Culture and heritage
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There is considerable evidence that Corner Inlet has been an important part of human experiences for over 5,000 years with Aboriginal shell middens being plentiful along the southern shore. The Brataolong clan of the Gunai/Kurnai tribe has strong cultural traditions and practices associated with the Corner Inlet area. Many Aboriginal sites including scarred trees, burial sites, artefact scatters, camps and shell middens have been recorded in the area.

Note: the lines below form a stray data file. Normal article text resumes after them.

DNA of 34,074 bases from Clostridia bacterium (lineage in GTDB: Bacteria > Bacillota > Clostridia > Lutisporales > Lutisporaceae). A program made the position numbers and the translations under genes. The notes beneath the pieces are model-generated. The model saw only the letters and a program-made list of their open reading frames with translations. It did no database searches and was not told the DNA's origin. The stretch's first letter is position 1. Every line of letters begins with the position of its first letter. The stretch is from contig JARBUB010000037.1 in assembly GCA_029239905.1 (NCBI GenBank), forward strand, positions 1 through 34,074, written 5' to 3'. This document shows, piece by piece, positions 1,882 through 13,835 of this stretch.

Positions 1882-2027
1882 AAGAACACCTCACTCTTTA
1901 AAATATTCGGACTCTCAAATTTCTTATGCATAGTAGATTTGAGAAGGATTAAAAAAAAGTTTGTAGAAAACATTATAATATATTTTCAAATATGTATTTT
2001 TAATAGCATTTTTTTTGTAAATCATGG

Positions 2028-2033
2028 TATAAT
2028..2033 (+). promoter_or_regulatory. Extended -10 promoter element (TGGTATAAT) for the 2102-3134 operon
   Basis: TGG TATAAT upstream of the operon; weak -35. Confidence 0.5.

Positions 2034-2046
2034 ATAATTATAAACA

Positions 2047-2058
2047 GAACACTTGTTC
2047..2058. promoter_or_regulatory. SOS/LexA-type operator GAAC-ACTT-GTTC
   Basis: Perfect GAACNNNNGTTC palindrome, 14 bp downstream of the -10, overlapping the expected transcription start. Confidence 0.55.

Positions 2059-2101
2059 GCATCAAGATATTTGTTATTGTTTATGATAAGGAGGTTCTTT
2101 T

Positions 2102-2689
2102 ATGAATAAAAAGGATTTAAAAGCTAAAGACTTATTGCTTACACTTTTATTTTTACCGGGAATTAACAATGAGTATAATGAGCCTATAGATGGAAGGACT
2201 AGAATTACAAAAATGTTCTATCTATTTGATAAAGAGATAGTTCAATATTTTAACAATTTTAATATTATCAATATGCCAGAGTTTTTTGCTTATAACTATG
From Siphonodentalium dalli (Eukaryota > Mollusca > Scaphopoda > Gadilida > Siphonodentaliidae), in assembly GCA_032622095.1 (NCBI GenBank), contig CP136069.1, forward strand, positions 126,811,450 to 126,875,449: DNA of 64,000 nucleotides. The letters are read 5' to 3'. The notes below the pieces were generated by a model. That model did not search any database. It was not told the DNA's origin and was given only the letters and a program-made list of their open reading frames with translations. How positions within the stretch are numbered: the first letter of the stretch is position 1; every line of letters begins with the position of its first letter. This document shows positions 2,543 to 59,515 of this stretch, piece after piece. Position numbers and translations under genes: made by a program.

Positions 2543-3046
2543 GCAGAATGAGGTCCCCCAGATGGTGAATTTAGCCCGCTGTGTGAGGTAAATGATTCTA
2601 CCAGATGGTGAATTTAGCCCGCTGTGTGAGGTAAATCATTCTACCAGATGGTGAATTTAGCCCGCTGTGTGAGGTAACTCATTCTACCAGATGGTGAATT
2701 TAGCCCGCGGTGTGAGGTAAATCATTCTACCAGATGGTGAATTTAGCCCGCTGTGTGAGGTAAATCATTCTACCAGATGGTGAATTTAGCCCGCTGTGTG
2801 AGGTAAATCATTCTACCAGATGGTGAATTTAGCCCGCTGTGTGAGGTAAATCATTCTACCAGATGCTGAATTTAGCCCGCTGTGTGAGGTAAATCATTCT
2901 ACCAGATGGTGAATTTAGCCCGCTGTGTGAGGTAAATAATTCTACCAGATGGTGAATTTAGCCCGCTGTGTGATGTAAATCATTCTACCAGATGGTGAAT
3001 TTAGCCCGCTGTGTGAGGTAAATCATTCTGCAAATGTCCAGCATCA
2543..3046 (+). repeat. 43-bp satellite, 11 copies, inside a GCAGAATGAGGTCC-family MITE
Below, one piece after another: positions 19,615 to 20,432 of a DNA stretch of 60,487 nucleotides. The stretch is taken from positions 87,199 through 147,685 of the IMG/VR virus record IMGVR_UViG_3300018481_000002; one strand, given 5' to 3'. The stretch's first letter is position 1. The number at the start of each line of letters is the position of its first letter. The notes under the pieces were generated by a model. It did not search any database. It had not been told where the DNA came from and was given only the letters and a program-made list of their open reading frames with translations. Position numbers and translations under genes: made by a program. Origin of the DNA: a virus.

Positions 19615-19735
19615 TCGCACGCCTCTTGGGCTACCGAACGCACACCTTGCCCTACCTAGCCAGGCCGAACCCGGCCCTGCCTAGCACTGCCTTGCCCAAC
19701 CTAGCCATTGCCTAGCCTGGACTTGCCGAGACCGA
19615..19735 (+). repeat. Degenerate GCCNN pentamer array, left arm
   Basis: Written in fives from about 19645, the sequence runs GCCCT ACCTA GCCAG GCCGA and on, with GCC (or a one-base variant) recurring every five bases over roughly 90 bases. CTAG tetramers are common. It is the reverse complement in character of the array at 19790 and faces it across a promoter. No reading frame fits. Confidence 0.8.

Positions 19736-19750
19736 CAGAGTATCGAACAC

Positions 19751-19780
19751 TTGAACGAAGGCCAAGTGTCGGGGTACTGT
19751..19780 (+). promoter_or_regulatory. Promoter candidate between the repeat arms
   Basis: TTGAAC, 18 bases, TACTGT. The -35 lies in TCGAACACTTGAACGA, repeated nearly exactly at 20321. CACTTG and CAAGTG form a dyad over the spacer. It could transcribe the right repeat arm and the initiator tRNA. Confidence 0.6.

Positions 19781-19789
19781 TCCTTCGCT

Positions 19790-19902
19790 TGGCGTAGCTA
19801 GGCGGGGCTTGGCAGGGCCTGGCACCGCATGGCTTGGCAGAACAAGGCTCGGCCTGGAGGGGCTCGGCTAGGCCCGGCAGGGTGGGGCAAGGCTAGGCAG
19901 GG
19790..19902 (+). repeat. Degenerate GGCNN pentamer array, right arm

Europeans settled in the area in the mid 1800s and established various mining, agricultural and forestry enterprises. Fishing became established by the 1860s once regular steamers made their way from the region back to Melbourne.
Changes in the catchment for Corner Inlet have been significant with much of the area which collects freshwater that enters the Inlet now being cleared from the forests which once covered South Gippsland. With these changes much greater volumes of sediment flowed into Corner Inlet, one possible cause for the disappearance of many of the Poisidonia seagrass beds in the northern section of the Inlet.